“Apart from being an extraordinary lawyer, you are a great human being. Thanks for doing all that you have done for me. You understood my situation, fought and still continue to fight for me. Nobody could have provided such immense help that you did. You earned great respect in my heart, my life, and my prayers.”
A physical therapist who was facing 10 years in prison
MEDICARE FRAUD: FALSE BILLINGS OR OVERBILLING; UP-CODING; OVERUTILIZATION
In recent years, state and federal investigators have increased efforts to curb Medicare and Medicaid fraud. As a result, overzealous prosecutors can initiate an investigation against doctors, clinics, hospitals and medical supply companies when patterns emerge involving billing and referrals. Sometimes, in their zeal to catch those who are breaking the law, innocent health providers are swept up into someone else’s misdeeds. In the process, investigators may audit a suspect’s finances, office records or tax returns looking for anything that would suggest unreported income and a pattern of fraud.
We understand how health care fraud investigations are conducted. If brought in early enough, we can meet with investigators, answer their questions and diffuse or deflect further investigation of our client. We also counsel and advise doctors, hospitals, pharmacists and medical suppliers in how to avoid obstruction of justice charges without incriminating themselves.
In most overbilling health care fraud cases, the Current Procedural Terminology (CPT) codes or the Health Care Common Procedure Coding System (HCPCS) are involved. Even for a seasoned health care or insurance professional, the CPT and HCPCS codes can be difficult and even perilous to try to understand and navigate. As a result, a health care provider may consistently make the same kind of mistake in using CPT or HCPCS codes when billing Medicare or Medicaid. Unfortunately, to an overzealous investigator, what is in reality an honest mistake may instead be converted into a claimed pattern of fraud.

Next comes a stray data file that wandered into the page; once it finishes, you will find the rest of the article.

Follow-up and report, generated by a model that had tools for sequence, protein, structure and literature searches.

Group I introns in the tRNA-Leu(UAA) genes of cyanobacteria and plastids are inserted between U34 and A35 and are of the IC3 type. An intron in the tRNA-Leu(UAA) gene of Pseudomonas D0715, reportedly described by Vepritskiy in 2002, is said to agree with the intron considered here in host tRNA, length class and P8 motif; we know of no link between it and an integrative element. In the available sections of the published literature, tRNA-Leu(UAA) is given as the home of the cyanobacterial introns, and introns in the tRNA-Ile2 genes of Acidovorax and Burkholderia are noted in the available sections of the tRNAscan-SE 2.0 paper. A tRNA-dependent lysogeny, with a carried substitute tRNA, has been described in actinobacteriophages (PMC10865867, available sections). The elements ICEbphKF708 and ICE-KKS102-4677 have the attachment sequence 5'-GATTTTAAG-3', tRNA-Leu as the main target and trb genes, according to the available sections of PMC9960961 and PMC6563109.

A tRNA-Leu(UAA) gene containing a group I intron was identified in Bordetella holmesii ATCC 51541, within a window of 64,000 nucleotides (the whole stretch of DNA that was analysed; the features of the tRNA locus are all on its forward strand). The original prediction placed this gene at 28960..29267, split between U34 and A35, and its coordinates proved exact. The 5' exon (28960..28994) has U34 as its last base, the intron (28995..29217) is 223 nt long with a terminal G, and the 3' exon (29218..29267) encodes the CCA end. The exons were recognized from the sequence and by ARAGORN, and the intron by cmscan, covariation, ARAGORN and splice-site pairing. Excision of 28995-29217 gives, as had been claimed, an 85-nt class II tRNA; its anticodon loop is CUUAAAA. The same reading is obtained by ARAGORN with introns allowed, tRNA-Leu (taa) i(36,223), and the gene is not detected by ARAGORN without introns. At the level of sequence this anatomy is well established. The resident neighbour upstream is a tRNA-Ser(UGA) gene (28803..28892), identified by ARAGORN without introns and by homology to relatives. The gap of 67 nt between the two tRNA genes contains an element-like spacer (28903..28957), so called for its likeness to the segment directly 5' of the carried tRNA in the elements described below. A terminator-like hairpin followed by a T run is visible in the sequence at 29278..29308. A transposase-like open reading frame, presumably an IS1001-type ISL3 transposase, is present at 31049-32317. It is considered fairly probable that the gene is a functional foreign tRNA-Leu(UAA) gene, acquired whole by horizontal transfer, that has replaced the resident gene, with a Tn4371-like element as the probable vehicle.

In defending our clients, we work closely with claims adjudication professionals, accountants, physicians and medical billing experts. As your attorney, Jim Burdick points to ambiguities within the CPT and HCPCS codes, explaining your actions within the framework of the treatment provided and the confusing nature of the CPT and HCPCS systems.
“REFERRAL FEES” (KICKBACKS) FOR BRINGING PATIENTS
Typically, investigators grow suspicious when they see what they believe is a pattern of referrals among a specific group of doctors or health care providers. If independent clinics are involved where doctors have an ownership interest in the practice, investigators will review referral records in order to identify what they believe is a pattern of fraud. A kickback fraud investigation can also involve the use of “runners,” people who are paid on the basis of patients brought to a practice, as well as unnecessary medical testing.
In defending our clients, we work with medical experts, accountants and private investigators if necessary in exposing the groundless assumptions of prosecutors. Here, it’s often a matter of demonstrating the existence of valid medical reasons for a referral and explaining why what investigators take to be a pattern of fraud is, in reality, a working relationship among medical professionals.
Whether you’ve been indicted or are under investigation for health care fraud, contact Health Care Fraud Attorney Jim Burdick today.